Protests have a flipside. Museums can become more aligned to natural processes. Museums can reduce their carbon footprint. Another step is to recycle and use eco-friendly materials in exhibition displays. Aligning museum institutions and their role in contemporary societies as public spaces is where biomimicry thinking comes into the picture. 

Biomimicry is an approach to innovation informed by adopting strategies found in nature for the purpose of developing sustainable solutions to human challenges. Janine Benyus’ book Biomimicry: Innovation Inspired by Nature (1997) popularised this thinking. For biomimicry, innovation is informed by the natural world, leading to rethinking workings, management models, programming, and outreach. It is about the willingness to shift from ‘how might we’ to ‘how would nature’ do it in order to understand the underlying principles of nature for museums to create symbiotic relationships with their neighbours. 

Biomimicry is the emulation of the models, systems, and elements of nature for the purpose of solving complex human problems
The symbiotic relationships found in the forest ecosystem can help to inspire the next level of museums

Biomimicry thinking can inspire museums to adapt, rethink, and reinvent themselves. Biomimicry can help museums understand the ecosystem they exist in and how it differs from nature. The institution would also need to translate science-driven and nature-informed biological data into design principles. Impact and sustainability would need to shift from the yardstick of efficiency and numbers, to the extent of systemic innovation introduced and the impactful change it has on the museum.

By looking closely at natural ecosystems, we can reinvigorate and reimagine the way museums operate, expanding their outreach and engagement in sustainable and innovative ways.

Further Reading

Museums & Climate Change Network. Museums & Climate Change Network. Retrieved 1 November 2020, from

Museums For Future – Culture in Support of Climate Action. Retrieved 1 November 2020, from
The Biomimicry Institute. Retrieved 1 November 2020, from

Reorganising space for the climate emergency


Author: Miguel Azzopardi

Merely counting greenhouse gas emissions will not address climate change. The solution is closer than we think: our own use of space. Look at land use: switching to a flexitarian, vegetarian and vegan diet is one of the greatest individual contributions. To produce meat, the industry puts heaps of land aside for animals and their fodder. Plant-based diets would mean less land is used for agriculture. Economising space can apply to other areas.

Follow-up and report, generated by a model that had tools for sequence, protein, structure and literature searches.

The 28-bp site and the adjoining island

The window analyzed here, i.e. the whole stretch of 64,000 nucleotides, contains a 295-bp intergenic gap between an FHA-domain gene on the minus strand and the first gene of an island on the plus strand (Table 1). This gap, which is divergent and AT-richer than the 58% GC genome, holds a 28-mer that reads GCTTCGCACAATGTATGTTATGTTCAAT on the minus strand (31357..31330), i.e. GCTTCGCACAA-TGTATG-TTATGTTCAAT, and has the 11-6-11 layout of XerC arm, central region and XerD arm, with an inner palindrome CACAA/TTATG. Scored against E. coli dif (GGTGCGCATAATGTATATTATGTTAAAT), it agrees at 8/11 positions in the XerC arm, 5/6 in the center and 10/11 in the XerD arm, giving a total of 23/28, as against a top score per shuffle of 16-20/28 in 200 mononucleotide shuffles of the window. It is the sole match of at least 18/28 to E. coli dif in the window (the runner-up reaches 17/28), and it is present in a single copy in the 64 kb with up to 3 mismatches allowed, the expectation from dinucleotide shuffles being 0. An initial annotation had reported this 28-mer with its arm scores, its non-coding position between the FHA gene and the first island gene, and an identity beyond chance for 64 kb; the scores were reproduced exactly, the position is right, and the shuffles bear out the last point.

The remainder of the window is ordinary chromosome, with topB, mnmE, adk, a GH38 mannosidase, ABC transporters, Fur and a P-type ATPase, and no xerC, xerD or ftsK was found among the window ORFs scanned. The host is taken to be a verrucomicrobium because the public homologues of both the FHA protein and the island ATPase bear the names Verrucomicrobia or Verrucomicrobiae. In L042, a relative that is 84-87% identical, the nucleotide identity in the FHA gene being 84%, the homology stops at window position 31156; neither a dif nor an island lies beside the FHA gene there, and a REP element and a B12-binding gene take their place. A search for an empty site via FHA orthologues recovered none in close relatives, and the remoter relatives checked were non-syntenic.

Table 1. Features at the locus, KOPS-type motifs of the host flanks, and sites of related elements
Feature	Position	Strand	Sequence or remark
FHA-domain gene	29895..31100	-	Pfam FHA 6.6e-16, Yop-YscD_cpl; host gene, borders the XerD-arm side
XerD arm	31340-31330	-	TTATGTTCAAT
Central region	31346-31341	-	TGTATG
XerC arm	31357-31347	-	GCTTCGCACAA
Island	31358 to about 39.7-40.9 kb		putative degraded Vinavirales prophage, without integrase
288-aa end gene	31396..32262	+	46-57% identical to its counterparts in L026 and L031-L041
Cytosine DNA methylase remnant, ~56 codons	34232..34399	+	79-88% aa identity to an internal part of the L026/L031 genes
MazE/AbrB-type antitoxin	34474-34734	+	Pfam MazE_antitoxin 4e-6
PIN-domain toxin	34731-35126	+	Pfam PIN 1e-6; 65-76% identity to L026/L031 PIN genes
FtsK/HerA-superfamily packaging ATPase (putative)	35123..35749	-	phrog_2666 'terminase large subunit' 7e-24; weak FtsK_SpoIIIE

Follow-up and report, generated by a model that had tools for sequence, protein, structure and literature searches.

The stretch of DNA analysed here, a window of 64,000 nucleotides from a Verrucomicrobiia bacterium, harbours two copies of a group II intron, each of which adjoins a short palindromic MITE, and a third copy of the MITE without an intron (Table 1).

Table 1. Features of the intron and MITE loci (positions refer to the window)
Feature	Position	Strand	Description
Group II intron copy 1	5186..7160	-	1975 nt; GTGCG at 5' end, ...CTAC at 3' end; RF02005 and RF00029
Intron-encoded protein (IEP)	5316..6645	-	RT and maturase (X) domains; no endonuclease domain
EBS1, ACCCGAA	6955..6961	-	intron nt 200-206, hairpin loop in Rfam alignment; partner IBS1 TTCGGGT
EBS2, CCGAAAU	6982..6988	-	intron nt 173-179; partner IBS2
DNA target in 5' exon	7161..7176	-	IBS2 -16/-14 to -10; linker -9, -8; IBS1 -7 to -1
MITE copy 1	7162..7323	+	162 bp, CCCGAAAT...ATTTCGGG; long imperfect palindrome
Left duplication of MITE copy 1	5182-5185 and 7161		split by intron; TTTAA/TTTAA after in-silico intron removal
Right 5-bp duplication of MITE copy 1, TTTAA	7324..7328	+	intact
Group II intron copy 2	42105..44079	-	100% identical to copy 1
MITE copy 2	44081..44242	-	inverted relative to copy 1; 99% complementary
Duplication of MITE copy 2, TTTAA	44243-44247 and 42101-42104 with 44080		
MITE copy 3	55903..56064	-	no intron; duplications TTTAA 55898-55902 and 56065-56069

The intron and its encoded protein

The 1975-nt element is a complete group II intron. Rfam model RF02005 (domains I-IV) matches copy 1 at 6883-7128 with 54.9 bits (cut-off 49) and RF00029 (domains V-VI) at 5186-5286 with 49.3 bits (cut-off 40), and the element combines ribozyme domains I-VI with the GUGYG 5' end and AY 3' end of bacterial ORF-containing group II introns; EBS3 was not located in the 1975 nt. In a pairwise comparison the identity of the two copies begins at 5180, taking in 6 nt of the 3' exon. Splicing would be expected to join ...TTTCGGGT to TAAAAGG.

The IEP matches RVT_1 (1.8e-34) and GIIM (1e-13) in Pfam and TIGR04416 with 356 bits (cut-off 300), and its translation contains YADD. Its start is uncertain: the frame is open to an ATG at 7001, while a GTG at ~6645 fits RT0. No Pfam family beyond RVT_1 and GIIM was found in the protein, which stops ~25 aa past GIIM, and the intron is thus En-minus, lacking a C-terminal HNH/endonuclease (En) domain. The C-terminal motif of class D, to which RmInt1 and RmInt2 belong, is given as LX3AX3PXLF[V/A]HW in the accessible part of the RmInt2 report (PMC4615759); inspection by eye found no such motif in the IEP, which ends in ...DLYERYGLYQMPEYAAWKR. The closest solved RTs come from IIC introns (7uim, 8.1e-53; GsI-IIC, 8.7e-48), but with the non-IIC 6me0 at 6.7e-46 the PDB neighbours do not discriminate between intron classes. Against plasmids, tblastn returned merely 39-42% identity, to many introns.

Our transportation model is heavily dependent on car usage. Segregated bus and cycle lanes are rare in Malta, even if these modes of transport allow more people to travel using the same space. Car-pooling in Malta is picking up, but not yet mainstream. COOL is one example of car-pooling initiatives that are slowly gaining traction. Various eNGOs, like Extinction Rebellion Malta, are lobbying for the government to further incentivise public transport. This way, there would be no need to sacrifice agricultural land for road-widening and car-mania. Instead, Malta could start looking into reforestation and rewilding.

Miguel Azzopardi

Our approach to urban planning would benefit from environmentalist reorganisation. In Malta, developers enjoy a free-for-all. Numerous charming one- or two-storey buildings are choked by neighbouring high-rises. In some instances, people have installed solar panels on their roof only to have them covered by shade. Shade has wasted away gardens and affected mental health — all on a sunny Mediterranean island. Proper planning would allow more uniform streetscapes, urban greening and better utilisation of roof space. The environment minister Aaron Farrugia’s ‘green revolution’ should encompass all planning on the Maltese Islands.

Land reclamation has been proposed as a possible solution to Malta’s limited space. The process does not create space, it repurposes space that already exists. In Malta, this means more environmental destruction as we bury natural habits like meadows of protected seagrass (Posidonia oceanica), which are also valuable carbon sinks. Reclamation is not an option due to the climate crises and widespread presence of Posidonia around our shores. We should be protecting and restoring natural habitats, not destroying them. 

Maltese authorities have ignored spatial planning suggestions. Faced with the crisis, Malta needs to acknowledge that if we want to meet ambitious climate emission targets we need to have coherent planning policies and direction that give the environment the priority it deserves.  

Miguel Azzopardi is a history student at the University of Edinburgh and an activist with Extinction Rebellion Malta.